Canada Imposes Sanctions on Myanmar Military Officials

Canada’s Minister of Foreign Affairs, The Honourable Marc Garneau announced that  effective February 18, 2021, Canada is imposing sanctions against 9 Myanmar military officials, under the Special Economic Measures (Burma) Regulations (“Regulations”). This action is followed by the coup d’état perpetrated by the Myanmar Armed Forces. Earlier this month on February 3, 2021, the G7 Foreign Ministers made the following statement:

            We, the G7 Foreign Ministers of Canada, France, Germany, Italy, Japan, the United Kingdom and the United States of America and the High Representative of the European Union, are united in condemning the coup in Myanmar.

While the specific prohibitions are set out in the regulations, the names of the individuals added to the schedule of these regulations are:

  • Min Aung Hlaing
  • Soe Win
  • Sein Win
  • Soe Htut
  • Ye Aung
  • Mya Tun Oo
  • Tin Aung San
  • Aung Lin Dwe
  • Ye Win Oo

The current measures under the Regulations impose on listed individuals a prohibition on dealings (effectively an asset freeze) by prohibiting persons in Canada and Canadians outside Canada from dealing in any property of these individuals or providing financial or related services to them.

The sanctions against Myanmar were enacted under the Special Economic Measures Act to respond to the ongoing human rights and humanitarian situation in Myanmar. On December 13, 2007, the Special Economic Measures (Burma) Regulations came into force.

The measures implemented by the Regulations, as amended, include:

  • a freeze on assets in Canada of any designated Myanmar nationals connected with the Myanmar State, as well as prohibitions on several categories of transactions, services and dealings involving property of designated persons, wherever situated; and
  • an arms embargo, including prohibitions on exporting and importing arms and related material to and from Myanmar, on communicating technical data related to military activities or arms and related material, and on financial services related to military activities or arms and related material.

A separate Special Economic Measures (Burma) Permit Authorization Order (SOR/2007-286), made pursuant to subsection 4(4) of the Special Economic Measures Act, authorizes the Minister of Foreign Affairs to issue to any person in Canada and any Canadian outside Canada a permit to carry out a specified activity or transaction, or any class of activity or transaction, that is restricted or prohibited pursuant to the Regulations.

The lawyers at Tereposky & DeRose have significant experience in the design and implementation of sanctions-related compliance programs, including policies, procedures, employee training, and internal control mechanisms. They also regularly assist both Canadian and international businesses, financial institutions, and individuals with internal investigations when “red flags” appear and provide advice on compliance in these areas. Where breaches have occurred, they have worked closely with their clients in making voluntary disclosures and in engaging with the ensuing investigations conducted by the RCMP and Global Affairs Canada.

If you would like to discuss any aspect of the Canadian sanctions regime, contact Vince DeRose, Jennifer Radford or Umair Azam at:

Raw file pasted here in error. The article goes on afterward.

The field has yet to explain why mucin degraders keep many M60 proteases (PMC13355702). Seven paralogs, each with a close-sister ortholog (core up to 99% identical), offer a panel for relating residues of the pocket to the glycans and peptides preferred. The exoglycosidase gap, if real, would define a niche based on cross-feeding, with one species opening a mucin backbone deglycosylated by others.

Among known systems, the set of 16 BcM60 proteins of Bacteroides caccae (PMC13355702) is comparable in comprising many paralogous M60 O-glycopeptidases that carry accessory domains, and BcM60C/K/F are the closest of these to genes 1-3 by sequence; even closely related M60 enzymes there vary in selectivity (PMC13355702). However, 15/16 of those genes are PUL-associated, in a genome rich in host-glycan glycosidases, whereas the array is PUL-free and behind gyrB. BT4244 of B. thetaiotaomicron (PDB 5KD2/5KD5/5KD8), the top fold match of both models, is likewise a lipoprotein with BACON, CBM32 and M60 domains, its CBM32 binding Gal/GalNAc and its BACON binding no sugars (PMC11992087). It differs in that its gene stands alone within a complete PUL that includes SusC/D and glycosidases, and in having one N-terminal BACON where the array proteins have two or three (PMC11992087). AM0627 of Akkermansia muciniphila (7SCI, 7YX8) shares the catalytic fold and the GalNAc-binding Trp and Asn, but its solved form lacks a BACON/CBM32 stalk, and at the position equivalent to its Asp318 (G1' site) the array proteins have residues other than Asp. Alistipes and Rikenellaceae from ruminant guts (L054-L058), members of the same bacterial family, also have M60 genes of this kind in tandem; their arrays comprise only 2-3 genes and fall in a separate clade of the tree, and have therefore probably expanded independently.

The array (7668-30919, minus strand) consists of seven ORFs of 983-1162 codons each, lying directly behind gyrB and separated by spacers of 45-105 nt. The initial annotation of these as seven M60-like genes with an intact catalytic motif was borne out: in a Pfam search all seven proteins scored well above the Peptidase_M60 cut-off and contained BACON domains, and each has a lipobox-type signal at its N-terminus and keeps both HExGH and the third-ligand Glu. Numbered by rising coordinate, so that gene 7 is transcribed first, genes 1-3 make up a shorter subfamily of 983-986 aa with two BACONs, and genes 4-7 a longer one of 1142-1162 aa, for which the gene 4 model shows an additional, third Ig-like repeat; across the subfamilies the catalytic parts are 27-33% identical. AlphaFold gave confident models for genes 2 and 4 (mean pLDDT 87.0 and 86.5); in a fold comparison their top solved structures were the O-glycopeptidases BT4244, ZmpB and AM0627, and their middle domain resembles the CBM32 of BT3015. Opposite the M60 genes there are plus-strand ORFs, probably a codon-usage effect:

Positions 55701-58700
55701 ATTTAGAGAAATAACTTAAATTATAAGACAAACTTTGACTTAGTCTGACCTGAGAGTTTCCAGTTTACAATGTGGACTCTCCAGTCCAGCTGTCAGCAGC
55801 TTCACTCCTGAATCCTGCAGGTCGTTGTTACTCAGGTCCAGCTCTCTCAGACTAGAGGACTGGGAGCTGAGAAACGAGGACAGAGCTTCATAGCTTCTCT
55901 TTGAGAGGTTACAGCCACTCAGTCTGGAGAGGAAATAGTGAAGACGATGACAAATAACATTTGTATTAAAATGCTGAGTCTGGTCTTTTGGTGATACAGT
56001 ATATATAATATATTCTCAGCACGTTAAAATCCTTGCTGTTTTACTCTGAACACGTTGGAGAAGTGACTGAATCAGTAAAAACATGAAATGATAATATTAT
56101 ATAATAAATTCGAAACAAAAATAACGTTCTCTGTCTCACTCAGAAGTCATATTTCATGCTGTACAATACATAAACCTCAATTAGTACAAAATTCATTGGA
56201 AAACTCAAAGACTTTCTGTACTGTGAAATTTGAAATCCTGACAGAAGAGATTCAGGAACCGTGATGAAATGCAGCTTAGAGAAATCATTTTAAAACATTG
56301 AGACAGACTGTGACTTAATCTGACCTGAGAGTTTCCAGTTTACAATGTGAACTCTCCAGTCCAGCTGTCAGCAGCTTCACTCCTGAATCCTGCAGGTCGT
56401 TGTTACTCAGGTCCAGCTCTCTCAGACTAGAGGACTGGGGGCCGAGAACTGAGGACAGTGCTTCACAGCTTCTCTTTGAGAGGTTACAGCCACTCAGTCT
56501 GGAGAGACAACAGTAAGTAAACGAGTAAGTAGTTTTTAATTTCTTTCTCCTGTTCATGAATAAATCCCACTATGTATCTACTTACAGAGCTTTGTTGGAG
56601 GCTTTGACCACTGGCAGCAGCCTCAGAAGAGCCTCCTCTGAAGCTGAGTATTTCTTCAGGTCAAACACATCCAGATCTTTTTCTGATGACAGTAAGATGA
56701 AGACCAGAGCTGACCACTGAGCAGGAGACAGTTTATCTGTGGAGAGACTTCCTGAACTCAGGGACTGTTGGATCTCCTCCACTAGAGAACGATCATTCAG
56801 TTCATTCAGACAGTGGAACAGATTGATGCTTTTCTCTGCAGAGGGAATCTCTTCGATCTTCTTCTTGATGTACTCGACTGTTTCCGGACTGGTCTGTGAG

Vince DeRose
613.237.8862
vderose@tradeisds.com

Jennifer Radford
613.237.9777
jradford@tradeisds.com

Umair Azam
613.237.1208
uazam@tradeisds.com

 

A Friend in Need is a Friend Indeed – European Union Provides Verbal Assurances to Canada Against its Vaccine Export Controls

Canada’s doses of COVID-19 vaccines from Pfizer-BioNTech and Moderna are made in and shipped from Europe. With AstraZeneca being unable to fill Europe’s contract for its vaccine in the first three months of the year, the European Union (EU) issued its temporary Transparency and Authorization Mechanism on 29 January 2021. One of the key highlights of the mechanism is the export authorization scheme that provides for authorizations of exports outside the EU of COVID-19 vaccines until the end of March 2021. As such, the vaccine exports will be subject to an early notification and authorization before they are effectively shipped outside the EU.

Recently, the President of the European Commission (EC) provided assurances to the Canadian Prime Minister that the proposed European Union vaccine export transparency mechanism is not intended to disrupt exports of vaccines to Canada. On Monday, the Canadian Minister of International Trade, Mary Ng, said she and the Prime Minister had received several verbal assurances from European officials that Canada’s vaccine orders would not be affected by the controls. While Canada is not on the list of countries exempted from the controls under the Transparency and Authorization Mechanism, the European Commission’s declaration states:

           The Commission is mindful of APAs [Advanced Purchase Agreement] contracted by third countries, and will endeavour to ensure that the expectations of these countries to obtain their deliveries will be met.

Although the measure states that the export authorization mechanism is not an export ban, concerns were raised in Canada that Canada’s Advanced Purchase Agreements may not be honoured. However, the Canadian Prime Minister assured that should the EU go forward with the controls, he had ‘strong assurances’ from EU leadership that Canada would not be impacted. A news source reported that the Assistant Deputy Minister for trade policy and negotiations at Global Affairs Canada, Steve Verheul told the House of Commons Trade Committee that Canada’s first goal is to ensure Europe lives up to its promise. Without any further elaboration he added, “We’re waiting to see if the EU process is going to pose any interruptions or not,” said Verheul. He went on to state “But we’re certainly prepared that if this process does start to create problems, we will have steps we can take in light of that.” Currently, with no domestic COVID-19 vaccine production, the Canadian government has signed a “memorandum of understanding” with Novavax to produce its COVID-19 vaccine in Canada. However, it is not expected to roll out production until fall.